How to protect your skin from sunshine

We all know by now that applying SPF before stepping into the sun is an absolute must. But few of us remember — or even know — that we should be treating our skin after sun exposure, too. 

And not just on vacations or when you’ve burned: 

“Even low levels of UV light can affect the skin, causing both skin-barrier disruption and inflammation, in addition to damage to collagen and skin cells’ DNA,” says Joshua Zeichner, director of cosmetic and clinical research at Mount Sinai. Besides sunscreen, “whether you get a bad sunburn or not, you should make sure to use after-sun moisturizers.”

Point taken. We talked to four dermatologists and one aesthetician about the products they trust for treating post-sun skin. We also double-checked with them about how to treat serious burns, and in addition to the products below, they advise cold compresses and ibuprofen. “On smaller sunburned areas, you can also layer on hydrocortisone cream,” says Jordana Mattioli, a New York–based aesthetician. For everything else, here’s what to get to help angry skin to chill out.

Sun Bum Cool Down Hydrating After Sun Lotion

Both Zeichner and Ellen Marmur, associate clinical professor of dermatology at Mount Sinai in New York, gave this product their stamp of approval. Zeichner says Sun Bum’s unscented lotion is a good option not only for its soothing and hydrating formula, but also because “it’s a totally natural product,” and prevents peeling to boot.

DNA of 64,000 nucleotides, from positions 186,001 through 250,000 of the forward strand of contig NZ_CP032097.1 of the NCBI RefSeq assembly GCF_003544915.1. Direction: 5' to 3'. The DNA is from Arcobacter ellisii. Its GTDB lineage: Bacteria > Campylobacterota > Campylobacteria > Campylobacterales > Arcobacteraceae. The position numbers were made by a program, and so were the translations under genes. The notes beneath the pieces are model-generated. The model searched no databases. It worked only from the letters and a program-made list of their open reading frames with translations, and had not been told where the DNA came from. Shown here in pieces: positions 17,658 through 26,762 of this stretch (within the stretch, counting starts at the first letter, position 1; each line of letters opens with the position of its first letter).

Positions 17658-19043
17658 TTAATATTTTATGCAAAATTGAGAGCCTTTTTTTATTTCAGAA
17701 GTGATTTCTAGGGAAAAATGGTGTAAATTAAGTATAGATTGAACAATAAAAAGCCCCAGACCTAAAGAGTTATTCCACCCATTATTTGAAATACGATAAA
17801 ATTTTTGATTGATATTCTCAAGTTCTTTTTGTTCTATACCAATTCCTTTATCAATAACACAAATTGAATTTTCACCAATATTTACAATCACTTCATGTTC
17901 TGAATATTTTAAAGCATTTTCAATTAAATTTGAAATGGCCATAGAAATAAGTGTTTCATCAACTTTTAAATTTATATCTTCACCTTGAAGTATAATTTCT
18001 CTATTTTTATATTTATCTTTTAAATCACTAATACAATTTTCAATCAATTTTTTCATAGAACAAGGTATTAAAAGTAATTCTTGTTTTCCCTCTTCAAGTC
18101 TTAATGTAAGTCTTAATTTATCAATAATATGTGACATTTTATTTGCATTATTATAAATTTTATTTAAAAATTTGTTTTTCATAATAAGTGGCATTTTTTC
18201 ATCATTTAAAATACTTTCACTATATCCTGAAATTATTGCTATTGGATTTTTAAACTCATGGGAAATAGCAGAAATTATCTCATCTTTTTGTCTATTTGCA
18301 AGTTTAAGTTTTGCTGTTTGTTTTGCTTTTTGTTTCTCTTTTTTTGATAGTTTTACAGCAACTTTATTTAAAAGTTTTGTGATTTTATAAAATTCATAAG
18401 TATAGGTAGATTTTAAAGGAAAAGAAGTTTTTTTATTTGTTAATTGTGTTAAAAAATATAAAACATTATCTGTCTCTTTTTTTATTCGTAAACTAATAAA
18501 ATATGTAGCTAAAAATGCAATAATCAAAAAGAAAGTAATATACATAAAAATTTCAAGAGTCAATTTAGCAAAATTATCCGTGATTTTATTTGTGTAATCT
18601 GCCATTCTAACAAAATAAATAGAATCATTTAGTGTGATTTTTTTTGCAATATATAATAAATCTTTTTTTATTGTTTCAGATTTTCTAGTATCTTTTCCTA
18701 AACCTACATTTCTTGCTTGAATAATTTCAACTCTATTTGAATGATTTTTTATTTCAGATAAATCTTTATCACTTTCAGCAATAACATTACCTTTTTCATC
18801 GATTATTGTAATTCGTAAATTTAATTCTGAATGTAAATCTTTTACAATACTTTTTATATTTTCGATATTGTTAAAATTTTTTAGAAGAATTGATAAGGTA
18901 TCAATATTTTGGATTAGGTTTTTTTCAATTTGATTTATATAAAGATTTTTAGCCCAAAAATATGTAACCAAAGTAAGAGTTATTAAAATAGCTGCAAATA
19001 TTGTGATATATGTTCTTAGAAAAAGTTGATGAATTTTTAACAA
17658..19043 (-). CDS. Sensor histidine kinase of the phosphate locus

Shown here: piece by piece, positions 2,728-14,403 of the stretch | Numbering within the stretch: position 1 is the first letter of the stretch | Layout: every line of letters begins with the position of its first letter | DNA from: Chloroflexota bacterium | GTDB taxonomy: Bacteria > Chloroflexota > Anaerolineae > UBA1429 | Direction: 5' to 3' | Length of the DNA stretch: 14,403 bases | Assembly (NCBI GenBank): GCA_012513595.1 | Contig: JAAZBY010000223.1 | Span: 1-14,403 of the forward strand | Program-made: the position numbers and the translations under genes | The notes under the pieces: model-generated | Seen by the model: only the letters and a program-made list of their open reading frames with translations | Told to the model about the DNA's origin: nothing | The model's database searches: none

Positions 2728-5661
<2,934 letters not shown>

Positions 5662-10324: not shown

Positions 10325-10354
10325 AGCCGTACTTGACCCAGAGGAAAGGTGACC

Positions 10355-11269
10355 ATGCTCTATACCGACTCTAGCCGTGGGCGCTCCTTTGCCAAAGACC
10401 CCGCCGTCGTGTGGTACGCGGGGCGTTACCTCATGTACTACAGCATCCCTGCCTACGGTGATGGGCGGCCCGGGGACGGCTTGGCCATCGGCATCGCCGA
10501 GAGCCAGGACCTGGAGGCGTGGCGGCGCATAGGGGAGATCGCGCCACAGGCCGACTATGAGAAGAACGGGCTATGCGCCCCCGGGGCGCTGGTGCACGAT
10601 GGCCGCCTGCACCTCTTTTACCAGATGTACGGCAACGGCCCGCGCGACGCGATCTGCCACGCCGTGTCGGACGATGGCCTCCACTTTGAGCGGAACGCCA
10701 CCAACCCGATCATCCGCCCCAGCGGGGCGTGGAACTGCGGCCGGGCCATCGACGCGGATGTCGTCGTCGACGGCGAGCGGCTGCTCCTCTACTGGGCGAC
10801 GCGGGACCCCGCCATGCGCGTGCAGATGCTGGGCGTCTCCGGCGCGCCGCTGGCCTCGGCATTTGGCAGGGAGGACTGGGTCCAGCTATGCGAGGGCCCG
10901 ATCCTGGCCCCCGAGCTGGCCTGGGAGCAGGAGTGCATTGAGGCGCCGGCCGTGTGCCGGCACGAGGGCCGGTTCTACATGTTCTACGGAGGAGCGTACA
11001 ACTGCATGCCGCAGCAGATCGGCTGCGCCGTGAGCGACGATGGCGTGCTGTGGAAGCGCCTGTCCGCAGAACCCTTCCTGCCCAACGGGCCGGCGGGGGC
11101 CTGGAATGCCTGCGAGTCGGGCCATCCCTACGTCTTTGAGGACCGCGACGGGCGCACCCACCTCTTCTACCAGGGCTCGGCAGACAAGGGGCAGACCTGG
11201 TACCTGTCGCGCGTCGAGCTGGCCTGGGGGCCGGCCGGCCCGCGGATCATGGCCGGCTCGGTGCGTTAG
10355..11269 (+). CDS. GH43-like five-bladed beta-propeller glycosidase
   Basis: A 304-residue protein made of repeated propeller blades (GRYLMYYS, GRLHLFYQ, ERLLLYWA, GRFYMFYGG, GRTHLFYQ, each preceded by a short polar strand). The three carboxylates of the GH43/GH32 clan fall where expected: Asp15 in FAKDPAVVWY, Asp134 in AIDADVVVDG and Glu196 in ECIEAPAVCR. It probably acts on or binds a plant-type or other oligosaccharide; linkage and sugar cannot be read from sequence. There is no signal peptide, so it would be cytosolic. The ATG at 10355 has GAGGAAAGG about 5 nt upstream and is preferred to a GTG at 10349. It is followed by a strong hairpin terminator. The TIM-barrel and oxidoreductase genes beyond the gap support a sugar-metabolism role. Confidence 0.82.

Clinique After Sun Rescue Balm

“This balm helps to minimize postburn peeling and can be used on the face and body, which makes it great for those looking for a simple after-sun routine,” says Joyce Imahiyerobo-Ip, director of cosmetic dermatology at South Shore Medical Center. And no need to worry about bacne — her one-and-done fave is also oil-free and non-acnegenic.

DETERMINE YOUR RISK PROFILE

There’s no way to accurately predict whose skin is most likely to show premature signs of aging or who is more likely to develop skin cancer, says Dee Anna Glaser, MD, associate professor of dermatology at St. Louis University School of Medicine.

You should schedule a skin exam with your dermatologist at least once a year after the age of 40. If skin cancer runs in your family, you may want to start earlier than that. In addition, it’s important to do self-exams once a month. Signs of trouble include:

  • Small pearly white bumps, or sores on the skin that bleed and don’t heal.
  • Red, scaly bumps that resemble a scar and have a depression in the middle.
  • Dark spots that are asymmetrical, have irregular borders, have more than one color, and are bigger than the size of a pencil eraser. These spots may be flat or elevated.

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